A new microarray-based tool, called VaginArray, offers the potential to provide a fast, reliable and low-cost assessment of vaginal health and diagnoses of infections. The research is published ahead of print March 2, in Antimicrobial Agents and Chemotherapy, a journal of the American Society for Microbiology.
The VaginArray has 17 probe sets, each one specific for one of the most representative bacterial species inhabiting the vaginal ecosystem, including those associated with both healthy and unhealthy conditions. Each probe set is designed to be complementary to the "variable region" of the 16S rRNA gene of its target, and the match must be exact in order to register that it has detected the bacterium. The target bacteria can be quantified by measuring the fluorescence intensity produced by each probe set. The investigators chose the target species based on a survey of the literature.
"Our microarray could be used to study alterations of the vaginal ecology associated with gynecologic disorders and to assess the impact of therapeutic agents on the vaginal microbiota," said corresponding author Beatrice Vitali, Ph.D., professor in the Department of Pharmacy and Biotechnology, the University of Bologna, Italy.
Bacterial communities within the vagina protect it from unhealthy bacteria and otherwise help to maintain its health. Nonetheless, as in any complex ecosystem, things can go awry.
Bacterial vaginosis is the most prevalent lower genital tract infection in women of reproductive age. The condition is associated with some obstetric and gynecologic maladies, including risk of chorioamnionitis, an infection of the amniotic fluid and the fetal membranes, preterm birth, and urinary tract infections, as well as with increased risk of sexually transmitted diseases.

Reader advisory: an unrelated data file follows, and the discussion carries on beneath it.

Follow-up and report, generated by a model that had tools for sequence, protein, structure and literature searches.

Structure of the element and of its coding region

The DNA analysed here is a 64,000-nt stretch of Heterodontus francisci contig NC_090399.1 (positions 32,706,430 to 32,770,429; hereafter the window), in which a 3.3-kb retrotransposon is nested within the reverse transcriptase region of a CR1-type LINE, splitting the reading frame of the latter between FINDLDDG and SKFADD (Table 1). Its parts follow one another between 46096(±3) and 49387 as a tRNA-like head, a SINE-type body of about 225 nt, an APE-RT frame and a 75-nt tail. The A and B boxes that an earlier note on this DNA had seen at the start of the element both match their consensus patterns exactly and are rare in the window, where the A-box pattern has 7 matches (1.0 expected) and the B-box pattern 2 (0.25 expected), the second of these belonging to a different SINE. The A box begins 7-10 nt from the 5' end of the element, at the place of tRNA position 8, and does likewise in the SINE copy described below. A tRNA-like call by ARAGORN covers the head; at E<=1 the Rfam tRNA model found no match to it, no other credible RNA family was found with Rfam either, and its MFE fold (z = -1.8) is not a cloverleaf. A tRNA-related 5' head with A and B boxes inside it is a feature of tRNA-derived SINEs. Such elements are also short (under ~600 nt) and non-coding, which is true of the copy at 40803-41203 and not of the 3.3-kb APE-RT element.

Vaginosis is characterized by reduced numbers of the protective lactobacilli and greater abundance of strictly anaerobic bacteria, including Gardnerella vaginalis , Atopobium vaginae, Mycoplasma hominis, various species of Prevotella and others.
Bacterial vaginosis is usually treated with antibiotics such as clindamycin and metronidazole, but relapse is common and poorly understood; occurring in 15-30 percent of women within 1-3 months and in 50-70 percent within 6-12 months. Rifaximin, a broad spectrum antibiotic, has recently been proposed as a new therapeutic agent for the cure of bacterial vaginosis. Now by using the VaginArray, the current investigators have shown that this antibiotic actually reverses the changes in microbiome that are associated with vaginosis.
The American Society for Microbiology is the largest single life science society, composed of over 39,000 scientists and health professionals. ASM's mission is to advance the microbiological sciences as a vehicle for understanding life processes and to apply and communicate this knowledge for the improvement of health and environmental and economic well-being worldwide.